SAVERS STORES: Tricking donors, treating themselves, screwing charities
|Cloaked in fuzzy deception, and leaping all the way to the bank.|
I was cynical the moment I heard a public service announcement about the new Savers thrift shop in our area. "Dedicated to supporting our community's nonprofit organizations," our local NPR affiliate declared.
"Go shopping, and help others at the same time!" another ad said enticingly.
"Proceeds go to Big Brothers Big Sisters!" a new TV commercial claims, tugging at those proverbial heartstrings. What a wonderful rationale for a buying spree!
My first question was: Is Savers itself a nonprofit? The answer is NO. It is "a U.S.-based multinational profit-making conglomerate" with more than 350 stores in three countries.
My second question was: How much of its $1.5 billion annual revenue goes to the charities it claims to benefit? The answer is: None of your business. Savers has always refused to disclose its outlays to the nonprofits whose names it uses to attract both donors and shoppers (and the charities flatly refuse to discuss the matter as well). I found estimates ranging from three percent to 10 percent. Savers earns more in one year than it donates every 10 years, according to documents regarding its second recapitalization.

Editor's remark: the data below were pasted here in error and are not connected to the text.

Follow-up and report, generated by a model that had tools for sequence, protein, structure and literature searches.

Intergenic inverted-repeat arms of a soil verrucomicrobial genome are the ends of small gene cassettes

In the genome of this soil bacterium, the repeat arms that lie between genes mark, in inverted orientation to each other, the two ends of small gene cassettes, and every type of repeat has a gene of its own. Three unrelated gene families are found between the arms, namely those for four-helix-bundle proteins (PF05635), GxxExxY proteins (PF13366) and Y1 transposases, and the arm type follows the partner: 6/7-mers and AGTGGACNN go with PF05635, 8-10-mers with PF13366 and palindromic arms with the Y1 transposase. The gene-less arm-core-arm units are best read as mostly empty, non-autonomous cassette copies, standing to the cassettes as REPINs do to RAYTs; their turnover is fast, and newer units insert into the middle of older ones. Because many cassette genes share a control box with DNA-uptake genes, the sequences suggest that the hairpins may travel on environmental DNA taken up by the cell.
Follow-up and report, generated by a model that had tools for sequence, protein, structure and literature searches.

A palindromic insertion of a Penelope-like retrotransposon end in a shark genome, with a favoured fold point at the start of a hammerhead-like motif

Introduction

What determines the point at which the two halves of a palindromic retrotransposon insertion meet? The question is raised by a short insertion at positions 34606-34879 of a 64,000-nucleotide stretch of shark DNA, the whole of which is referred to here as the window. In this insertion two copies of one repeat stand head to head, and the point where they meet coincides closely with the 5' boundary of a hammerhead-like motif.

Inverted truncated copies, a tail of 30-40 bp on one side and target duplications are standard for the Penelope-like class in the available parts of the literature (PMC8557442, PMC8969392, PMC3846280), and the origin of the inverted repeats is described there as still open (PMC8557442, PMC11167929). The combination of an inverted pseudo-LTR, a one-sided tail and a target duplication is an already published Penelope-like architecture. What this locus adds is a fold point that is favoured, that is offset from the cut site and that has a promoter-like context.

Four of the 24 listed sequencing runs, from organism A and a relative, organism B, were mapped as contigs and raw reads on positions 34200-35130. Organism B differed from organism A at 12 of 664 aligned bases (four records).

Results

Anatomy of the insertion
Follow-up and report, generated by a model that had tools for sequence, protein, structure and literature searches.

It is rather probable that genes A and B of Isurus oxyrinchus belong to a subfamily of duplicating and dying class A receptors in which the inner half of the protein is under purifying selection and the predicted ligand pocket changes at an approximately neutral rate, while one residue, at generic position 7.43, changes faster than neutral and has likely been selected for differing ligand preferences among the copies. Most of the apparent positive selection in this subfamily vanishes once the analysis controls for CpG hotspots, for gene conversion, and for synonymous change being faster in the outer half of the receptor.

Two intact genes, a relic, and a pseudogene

Savers claims repeatedly that its proceeds go to its various charities. "Proceeds" is defined by Webster as "the total amount brought in <the proceeds of a sale>".
It seems to me that the Savers profiteers should proceed ("to go on in an orderly, regulated way") to prison, after their 60 years of deception.
The Los Angeles Times calculated 27 years ago that Savers earns more than 100 percent return on its equity each year. That was before its explosive growth, beefed-up management expertise (from buyout firm Freeman Spogli), aggressive advertising, big-time Wall Street capitalization, and economies of scale.
New stores are being launched at a dizzying rate, including the one that just popped up in my community. The firm projected in 2012 that it would double its number of outlets by 2017.